This may start in a subtle way, with sudden overboard reactions, sudden emotional outbursts, or behaviours such as withholding contact, being secretive, or any weird or unexplained behavior, and you may find yourself thinking, “perhaps I am not doing enough/being enough/ good enough.” Well, these are the signs when you need to look the other way and run.  Don’t linger around in the hope they will change, and it will all be rosy. That is the trap they want you to fall into. And once you do, you enter into their world of toxic loops and heightened emotional dramas. 

  • You could be dealing with a drama king or queen: This is a prominent red flag when they try to make everything about themselves and be the centre of attraction.

    Emotional manipulators are highly charged drama kings and queens. And they are emotional abusers. They always need an audience while they play Narcissus. You exist solely to glorify them. Even if that means they will put you down repeatedly to feel the sense of control and power over you to feel great. If you wish to discuss an issue with them they lament about how they are the victims and how you are hurting and upsetting them, and you are the one who is wrong. They can never be wrong.

    Emotional manipulators do not care about you, your feelings, or what you need from the relationship. For them, they need to come first and your world should revolve around them no matter what. And to keep up their hold on you they emotionally abuse you, something that you should never tolerate.
    To know more about the different forms of abuses please see: Facing Abuse and Domestic Violence in Marriage? How to Overcome It?
    If you do tolerate, this toxic relationship can steal your self-worth make you feel constantly guilty, drain away your self-esteem, self-confidence, and self-trust.  You will lose all sense of individuality and self-respect. Ask yourself is any relationship worth all this mental and emotional trauma? 

  • Are you the one constantly giving and not getting: or instead what you are getting is the feeling of being depleted in the relationship, emotionally and perhaps even physically, but not getting anything from the relationship that can emotionally charge you and your well-being? Then you are being used in the relationship.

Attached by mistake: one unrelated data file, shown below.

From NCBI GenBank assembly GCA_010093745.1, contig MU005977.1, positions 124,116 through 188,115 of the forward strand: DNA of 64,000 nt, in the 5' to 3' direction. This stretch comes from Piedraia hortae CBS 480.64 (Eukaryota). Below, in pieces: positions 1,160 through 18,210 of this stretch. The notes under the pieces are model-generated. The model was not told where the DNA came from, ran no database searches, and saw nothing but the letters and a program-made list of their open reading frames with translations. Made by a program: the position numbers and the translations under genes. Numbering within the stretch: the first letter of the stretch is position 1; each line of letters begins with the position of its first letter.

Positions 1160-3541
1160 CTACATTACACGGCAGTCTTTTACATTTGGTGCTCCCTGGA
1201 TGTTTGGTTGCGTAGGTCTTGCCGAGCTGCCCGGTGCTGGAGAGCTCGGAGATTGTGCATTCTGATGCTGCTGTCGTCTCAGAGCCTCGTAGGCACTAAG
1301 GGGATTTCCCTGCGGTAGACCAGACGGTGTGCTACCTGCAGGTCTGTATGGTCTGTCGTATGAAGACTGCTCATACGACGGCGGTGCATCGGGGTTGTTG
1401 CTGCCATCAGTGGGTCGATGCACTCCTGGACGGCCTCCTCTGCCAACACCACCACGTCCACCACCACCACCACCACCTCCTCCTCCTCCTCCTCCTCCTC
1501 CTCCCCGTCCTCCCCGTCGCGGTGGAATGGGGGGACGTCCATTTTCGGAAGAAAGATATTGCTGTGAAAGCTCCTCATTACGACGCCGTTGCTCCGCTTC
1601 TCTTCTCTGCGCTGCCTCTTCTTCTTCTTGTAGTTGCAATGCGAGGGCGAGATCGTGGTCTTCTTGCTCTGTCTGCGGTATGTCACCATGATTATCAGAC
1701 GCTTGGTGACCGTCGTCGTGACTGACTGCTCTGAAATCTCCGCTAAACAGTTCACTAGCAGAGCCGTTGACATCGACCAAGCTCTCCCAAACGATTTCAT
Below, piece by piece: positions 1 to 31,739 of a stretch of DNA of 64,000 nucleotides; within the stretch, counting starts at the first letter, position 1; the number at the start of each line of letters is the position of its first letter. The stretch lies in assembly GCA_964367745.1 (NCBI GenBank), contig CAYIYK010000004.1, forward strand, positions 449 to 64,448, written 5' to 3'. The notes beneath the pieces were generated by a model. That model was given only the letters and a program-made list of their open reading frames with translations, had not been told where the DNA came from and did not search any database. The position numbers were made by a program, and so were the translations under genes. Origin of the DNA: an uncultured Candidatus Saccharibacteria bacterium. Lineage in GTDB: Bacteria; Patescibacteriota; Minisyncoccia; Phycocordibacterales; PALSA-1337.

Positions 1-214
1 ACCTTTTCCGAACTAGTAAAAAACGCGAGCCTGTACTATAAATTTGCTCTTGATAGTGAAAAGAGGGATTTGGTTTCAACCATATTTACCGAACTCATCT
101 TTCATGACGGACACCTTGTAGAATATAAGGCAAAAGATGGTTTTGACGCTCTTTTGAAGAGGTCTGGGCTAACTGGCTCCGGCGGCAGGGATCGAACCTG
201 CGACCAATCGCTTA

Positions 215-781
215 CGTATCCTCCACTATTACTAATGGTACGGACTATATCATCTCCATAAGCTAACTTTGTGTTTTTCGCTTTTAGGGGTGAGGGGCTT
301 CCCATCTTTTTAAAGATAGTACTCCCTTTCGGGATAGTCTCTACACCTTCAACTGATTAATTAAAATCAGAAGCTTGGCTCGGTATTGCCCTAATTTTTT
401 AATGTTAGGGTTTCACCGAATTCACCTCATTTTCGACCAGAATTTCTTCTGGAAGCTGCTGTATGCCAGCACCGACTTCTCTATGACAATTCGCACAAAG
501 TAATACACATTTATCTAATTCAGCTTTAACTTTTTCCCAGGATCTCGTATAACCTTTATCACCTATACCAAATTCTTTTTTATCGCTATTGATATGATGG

In fact, you are not even in a relationship because you are a commodity or an object to be used by the other, not a person to have a relationship with. This is a major red flag. The sooner you put an end to this relationship the better.

  • They constantly step into your boundaries: Emotional manipulators have no respect for your boundaries because they are the ones who profit the most from your not having any boundaries. This is one of the biggest red flags before getting into a relationship.
    The signs of this include, asking personal questions to gather more information from you about you but giving out less information about themselves, snooping around to find out more about you, you feel you lose your voice around them, they do not respect your need for space or time but you need to respect theirs, they literally walk all over you because they see your empathy as a weakness, they do not care if they are inconveniencing you in any way as long as their need gets fulfilled.
    All this occurs if the person they are with, in this case, you, is unable to say no.

    Saying “No” is putting up your boundaries, creating a safe zone for yourself and most importantly saying “Yes” to yourself.

    Though, emotional manipulators sometimes attempt to breach that boundary as well to get you to say “Yes”, either by threatening you or by trying to gain your sympathy or by acting distant and aloof. In such a scenario you need to stick to your guns i.e. stick to your “No” adamantly and ideally move away from the relationship ASAP.

  • They speak disparagingly about their exes: Notice how the person speaks about his/her exes. Does he/she speak demeaningly about them and blame it all on them constantly? That is a warning sign for you. A relationship takes two to tango. If the person is blaming it all on his/her ex, know that this person is not ready to take a hard look at himself/herself. Everything that happens to him/her is the fault of others around and that will include you if you commit to the relationship. In fact, if you do, this is something you will have to put up with every day, for this person can never be wrong and will always play the victim. And you will end up questioning yourself why you are such an awful person who never gets anything right, and ‘is never enough’. Move away, before you end up completely losing yourself.

As the wise saying goes, “prevention is better than cure”. By watching out for the tell-tale signs and red flags you could be preventing immense heartache, severe emotional and even physical trauma, a damaged sense of self-worth, and most importantly any form of emotional and physical abuse. It is when you suffer from a low sense of self-worth, low self-esteem, and low self-confidence that you open the door for emotional manipulators to prey on you.

Loving and honoring yourself comes foremost in a relationship. Self-love and self-respect will protect you from even considering a relationship with an emotional manipulator and abuser. 

If you are in a fix in your relationship and need some guidance you can get in touch with any of the counselors right here at You can even post any queries you may have for free, and a counselor will get back to you with a reply at the earliest.  
To know more about counsellors you may be interested to consult, please see: Best Marriage Counsellors.